Growing up quickly
Even with this unconditional love on his mind, Malik knew he would have to grow up quickly without a man in his household. His mother helped him, showing him “how a man should act”. The staffs at Sunrise Christian Academy or on the MOKAN Elite AAU team did their part of filling the roles of strong male support figures Malik needed. On the vast plains of Kansas Hall developed into a high school hoops star, a player with the potential to play big time college basketball and maybe even more. He possessed a thick lower body, nimble feet and next level athleticism. On top of it he mixed a tough, physical game with advanced basketball smarts and sophisticated fundamentals. A lot of it was driven by memory, Malik never forgot those early years he had with his Dad. “A lot of people only saw a teenage boy playing basketball,” Chris Neff, Malik‘s coach for MOKAN Elite, said. “His father means everything to him in regards to the game. His father trained him all the things that he does today. He pays a lot of respect to his father whenever he takes the floor.” That respect though also raised concerns, many of which a teenager shouldn‘t have in this world. “It was a scary time because I was never really home,” Hall remembered of the days traveling throughout the country as a hopeful basketball prodigee. “What if I don‘t get to say goodbye?”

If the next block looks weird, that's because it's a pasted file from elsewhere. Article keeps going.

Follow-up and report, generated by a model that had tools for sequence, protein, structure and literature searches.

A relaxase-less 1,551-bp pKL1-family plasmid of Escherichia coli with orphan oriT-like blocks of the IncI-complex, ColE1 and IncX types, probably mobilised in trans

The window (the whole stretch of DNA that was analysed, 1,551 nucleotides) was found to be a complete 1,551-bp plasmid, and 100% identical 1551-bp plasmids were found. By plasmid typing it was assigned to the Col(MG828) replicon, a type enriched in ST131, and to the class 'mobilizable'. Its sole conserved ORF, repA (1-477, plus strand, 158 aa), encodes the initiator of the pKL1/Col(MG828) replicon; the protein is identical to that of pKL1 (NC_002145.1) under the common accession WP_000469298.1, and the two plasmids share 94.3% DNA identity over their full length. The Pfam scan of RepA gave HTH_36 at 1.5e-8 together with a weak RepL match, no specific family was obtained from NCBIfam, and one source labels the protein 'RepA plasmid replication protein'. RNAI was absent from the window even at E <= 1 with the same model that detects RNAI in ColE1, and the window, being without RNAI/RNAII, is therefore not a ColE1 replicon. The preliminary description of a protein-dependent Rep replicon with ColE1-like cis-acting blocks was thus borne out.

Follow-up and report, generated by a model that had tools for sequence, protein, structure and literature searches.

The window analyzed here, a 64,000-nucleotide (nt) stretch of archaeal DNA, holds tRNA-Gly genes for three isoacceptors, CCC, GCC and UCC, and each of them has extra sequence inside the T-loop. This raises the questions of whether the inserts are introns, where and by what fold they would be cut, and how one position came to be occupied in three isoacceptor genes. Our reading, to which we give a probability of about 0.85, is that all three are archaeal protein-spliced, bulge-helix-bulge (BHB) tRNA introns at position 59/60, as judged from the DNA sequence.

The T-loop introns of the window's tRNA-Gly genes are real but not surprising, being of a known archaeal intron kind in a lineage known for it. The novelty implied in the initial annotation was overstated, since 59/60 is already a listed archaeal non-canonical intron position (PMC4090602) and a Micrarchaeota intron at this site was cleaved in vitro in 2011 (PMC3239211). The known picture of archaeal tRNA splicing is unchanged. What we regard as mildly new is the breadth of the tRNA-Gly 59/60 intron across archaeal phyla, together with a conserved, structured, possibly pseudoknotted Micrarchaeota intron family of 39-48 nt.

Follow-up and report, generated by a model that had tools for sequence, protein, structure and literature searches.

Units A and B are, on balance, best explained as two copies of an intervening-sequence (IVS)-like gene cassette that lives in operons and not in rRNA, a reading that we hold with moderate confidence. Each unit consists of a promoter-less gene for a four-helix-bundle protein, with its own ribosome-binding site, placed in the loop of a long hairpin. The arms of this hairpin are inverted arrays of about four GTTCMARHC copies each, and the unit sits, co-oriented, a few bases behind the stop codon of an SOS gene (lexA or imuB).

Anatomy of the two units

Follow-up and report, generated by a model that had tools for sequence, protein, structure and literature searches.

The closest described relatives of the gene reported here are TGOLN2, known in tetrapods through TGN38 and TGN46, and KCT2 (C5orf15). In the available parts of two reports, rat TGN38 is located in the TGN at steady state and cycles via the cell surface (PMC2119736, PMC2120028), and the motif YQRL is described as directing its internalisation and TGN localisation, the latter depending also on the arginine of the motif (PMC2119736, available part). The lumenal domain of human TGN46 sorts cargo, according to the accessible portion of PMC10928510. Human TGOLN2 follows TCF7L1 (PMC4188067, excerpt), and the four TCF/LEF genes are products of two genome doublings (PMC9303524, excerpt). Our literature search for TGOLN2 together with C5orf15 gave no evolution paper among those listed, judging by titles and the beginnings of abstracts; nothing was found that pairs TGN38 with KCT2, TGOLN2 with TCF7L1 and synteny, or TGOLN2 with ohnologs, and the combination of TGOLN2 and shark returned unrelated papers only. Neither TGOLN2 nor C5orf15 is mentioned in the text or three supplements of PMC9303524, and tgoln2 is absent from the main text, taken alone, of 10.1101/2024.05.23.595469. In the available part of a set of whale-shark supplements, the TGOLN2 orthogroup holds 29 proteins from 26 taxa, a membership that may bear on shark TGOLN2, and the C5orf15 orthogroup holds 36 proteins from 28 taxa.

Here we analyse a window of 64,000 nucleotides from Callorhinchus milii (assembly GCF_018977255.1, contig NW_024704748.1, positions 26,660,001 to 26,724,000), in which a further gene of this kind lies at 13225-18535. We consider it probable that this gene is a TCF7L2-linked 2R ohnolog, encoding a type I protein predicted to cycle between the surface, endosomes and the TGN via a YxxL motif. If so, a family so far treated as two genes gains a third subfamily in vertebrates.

Think about that for a second… Malik Hall still persisted and continued his career path, a path his father had laid out for him. Faithful, determined, mature and with a strong heart in his chest, Malik Hall found his role and his future in the sport. A sport that would offer him the opportunity to take the next step in his life. Tom Izzo and his coaches identified him as a potential Michigan State Spartan and soon even put a prestigious label on him – OKG. It stands for “Our Kind Of Guy”, describing physical but even more importantly mental traits that describe the ideal for a true MSU basketball player. “He could play different positions, was versatile and he was athletic,” Tom Izzo remembers of the days watching Hall in high school. “He could handle the ball, he could shoot it and he could be on the block.” After Hall committed to Michigan State, Izzo let people know that he even saw a little bit of legendary Spartan and NBA All Star Draymond Green in his new forward, a player that could operate from everywhere on the floor and mix it up both inside and outside the paint. The lofty praise raised expectations that were quickly answered once Hall arrived in East Lansing, at least briefly.